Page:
Fixed income market the week ahead Fixed income market the week ahead Fixed income market the week ahead

Fixed income market the week ahead

Althea Spinozzi

Head of Fixed Income Strategy

Summary:  This week, investors' focus will be on US inflation, the 10-year, and 30-year US Treasury auctions. While US Treasury yields might rise ahead of Wednesday's CPI numbers, it's safe to expect high demand at this week's auctions to limit their rise. Ten-year EUR-hedged US Treasuries are now offering roughly 0.99%, the highest yield in five years. Additionally, there is the chance that this week's 10-year auction prices above 1.8% for the first time since January 2020. European sovereigns will remain vulnerable to the rise of yields in the US and expectations of a less accommodative ECB. Ten-year Bunds are poised to break above 0% and continue to rise throughout 2022.

Junk remains resilient to the rise in US Treasury yields, but not for long


Welcome to 2022, a year that will prove challenging due to central banks’ tightening agendas.

We have barely started the year, yet US Treasuries already dropped 1.6% last week, the biggest weekly fall since February 2021 and the second-largest since March 2020. The US yield curve bear-steepened slightly with 2-year yields rising nearly 20bps in a week and 10-year yields soaring by 25bps. Ten-year yields broke and sustained above their strong resistance of 1.75%, which was tested a few times in spring 2021. It's critical to note that an acceleration in real yields has driven the sudden rise in yields. Indeed, as the Federal Reserve becomes more aggressive, breakeven rates decelerate. At the same time, nominal yields soar, provoking a faster rise in TIPS yields. It is terrible news for risky assets, which continue to be underpinned by negative real yields but are facing the prospect of more stringent financing conditions. 

With 10-year TIPS trading at -0.74%, weaker companies are still not showing signs of distress, and duration exposed assets are taking all the heat. Indeed, while the year-to-date total return of high yield corporate bonds is down 1%, high-grade corporates, which are more exposed to duration risk, plunged 2%. It's safe to expect this trend to continue throughout the year and risky assets to become more sensitive to rising real rates as they break above -0.5%.

Last week’s move contrasts with what we had witnessed at the end of November when yields dropped despite the Fed becoming more hawkish. Not much has changed since then. Yet, the latest FOMC minutes might have proved to investors that the central bank is becoming much more hawkish than expected. The Fed is considering reducing its balance sheet this year with tapering and interest rate hikes to tighten the economy, putting longer maturities at risk.

The message is clear: the central bank is behind the curve, and it needs to be more aggressive. A slowdown in growth might not be enough to tilt the Fed from its tightening path. Last Friday's non-farm payrolls showed intensifying pay pressure to confirm such fears, with average hourly earnings rising by 0.6% in December. Employers have difficulties finding workers, and they have to pay up to get them from competitors. Higher salaries are sticky and contribute to long-term inflation. At the same time, supply-chain bottlenecks are unlikely to resolve until 2023. Therefore, even if inflation moderates this year, it’s safe to assume it will remain sustained.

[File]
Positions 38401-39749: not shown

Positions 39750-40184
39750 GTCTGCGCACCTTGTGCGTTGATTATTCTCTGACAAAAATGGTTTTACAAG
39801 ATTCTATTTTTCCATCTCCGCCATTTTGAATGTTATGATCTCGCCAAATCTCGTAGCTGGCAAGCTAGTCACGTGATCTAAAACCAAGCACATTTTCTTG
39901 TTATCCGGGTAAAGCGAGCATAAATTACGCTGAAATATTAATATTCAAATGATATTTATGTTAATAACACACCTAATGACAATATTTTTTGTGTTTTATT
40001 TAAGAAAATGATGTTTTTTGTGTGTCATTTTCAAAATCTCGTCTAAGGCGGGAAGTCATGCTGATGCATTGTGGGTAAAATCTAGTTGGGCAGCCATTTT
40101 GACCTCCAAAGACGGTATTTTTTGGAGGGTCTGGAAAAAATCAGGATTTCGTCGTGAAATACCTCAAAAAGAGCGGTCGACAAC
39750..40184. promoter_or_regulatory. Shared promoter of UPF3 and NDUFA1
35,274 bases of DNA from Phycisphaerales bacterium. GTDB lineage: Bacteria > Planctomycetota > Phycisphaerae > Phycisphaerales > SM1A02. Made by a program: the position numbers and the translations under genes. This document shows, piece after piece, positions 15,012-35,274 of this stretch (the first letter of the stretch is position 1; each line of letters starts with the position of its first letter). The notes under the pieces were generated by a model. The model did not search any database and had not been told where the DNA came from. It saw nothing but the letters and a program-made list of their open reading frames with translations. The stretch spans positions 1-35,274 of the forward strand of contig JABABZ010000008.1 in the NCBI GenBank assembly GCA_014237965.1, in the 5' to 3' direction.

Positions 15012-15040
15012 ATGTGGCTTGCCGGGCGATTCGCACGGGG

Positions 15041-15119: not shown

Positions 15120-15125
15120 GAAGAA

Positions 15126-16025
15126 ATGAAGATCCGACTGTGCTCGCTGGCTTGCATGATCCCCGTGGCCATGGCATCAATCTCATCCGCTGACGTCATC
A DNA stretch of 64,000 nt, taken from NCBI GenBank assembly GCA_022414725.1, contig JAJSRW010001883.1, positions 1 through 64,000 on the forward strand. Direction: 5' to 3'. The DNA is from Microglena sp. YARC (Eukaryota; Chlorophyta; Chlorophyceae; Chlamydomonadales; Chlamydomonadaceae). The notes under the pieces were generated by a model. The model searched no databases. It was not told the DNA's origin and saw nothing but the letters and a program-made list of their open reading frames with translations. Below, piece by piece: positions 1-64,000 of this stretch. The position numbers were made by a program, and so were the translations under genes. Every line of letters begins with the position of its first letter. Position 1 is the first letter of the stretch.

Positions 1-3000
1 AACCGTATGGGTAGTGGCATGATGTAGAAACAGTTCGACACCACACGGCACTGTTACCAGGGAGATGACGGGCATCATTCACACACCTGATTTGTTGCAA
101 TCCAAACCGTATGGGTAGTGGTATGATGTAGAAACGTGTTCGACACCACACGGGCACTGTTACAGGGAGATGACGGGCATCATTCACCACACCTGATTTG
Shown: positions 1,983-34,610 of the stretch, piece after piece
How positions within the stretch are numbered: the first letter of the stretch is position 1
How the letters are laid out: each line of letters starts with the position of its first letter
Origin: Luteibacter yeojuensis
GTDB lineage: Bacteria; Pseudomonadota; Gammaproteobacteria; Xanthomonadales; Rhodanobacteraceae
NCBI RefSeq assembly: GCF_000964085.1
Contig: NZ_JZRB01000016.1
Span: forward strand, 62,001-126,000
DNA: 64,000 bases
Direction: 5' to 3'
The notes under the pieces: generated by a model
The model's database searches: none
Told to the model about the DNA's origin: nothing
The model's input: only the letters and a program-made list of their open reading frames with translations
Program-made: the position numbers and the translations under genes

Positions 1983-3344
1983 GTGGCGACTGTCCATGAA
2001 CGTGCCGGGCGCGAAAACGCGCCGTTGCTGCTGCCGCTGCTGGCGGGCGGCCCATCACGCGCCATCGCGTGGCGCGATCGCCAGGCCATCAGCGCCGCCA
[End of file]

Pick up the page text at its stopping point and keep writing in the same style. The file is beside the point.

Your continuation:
Will US Treasury yields continue to rise?

It's safe to assume that US Treasury yields will continue to rise across the curve, but not at the pace we have seen in the past week. Sustained inflation and aggressive monetary policies will continue to put upward pressure on yields across maturities, especially in the short end. However, when looking at long-term yields, it's key to acknowledge that the more aggressive the Fed becomes, the slower the economic growth. To compress long-term yields further is also the demand for US Treasuries, which should increase as yields get higher. Foreign investors will be compelled to buy US Treasuries now that EUR-hedged 10-year yields offer 0.99%, the most in five years. Not only but, it could be the first time since January 2020 in which a 10-year auction prices above 1.8%.

Source: Bloomberg and Saxo Group.

Therefore, while it’s safe to assume that 10-year yields will move towards 2%, it’s key to acknowledge that they may stabilize around this level.

Source: Bloomberg and Saxo Group.

German Bunds are on the way to breaking above 0%.

European sovereigns are also suffering, with 10-year Bund yields quickly approaching 0%. We expect Bunds to break above this level reasonably soon on the back of higher yields in the US and a less accommodative ECB. However, it's fair to expect the rise in yields to accelerate as Covid restrictions ease. To suffer the most will be government bonds from the periphery, especially Italy, which is struggling with the presidential elections.

Source: Bloomberg and Saxo Group.

Economic calendar

Monday, the 10th of January

  • Australia: TD Securities Inflation (Dec); Building Permits (Nov)
  • Italy: Unemployment (Nov)
  • Eurozone: Unemployment Rate (Nov)
  • United States: 3-months and 6-month Bill Auction

Tuesday, the 11th of January

  • United Kingdom: BRC Like-For-Like Retail Sales (Dec), NIESR GDP Estimate (Dec)
  • Australia: Trade Balance (Nov), Retail Sales (Nov)
  • Italy: Retail Sales (Nov)
  • United States: NFIB Business Optimism Index (Dec), 3-year Note Auction

Wednesday, the 12th of January

  • Japan: Current Account (Nov)
  • Australia: HIA New Home Sales (Dec)
  • China: Consumer Price Index (Dec), Producer Price Index (Dec)
  • Eurozone: Industrial Production (Nov)
  • Germany: 30-year Bond Auction
  • United States: Consumer Price Index (Dec), 10-year Note Auction, Monthly Budget Statement (Dec)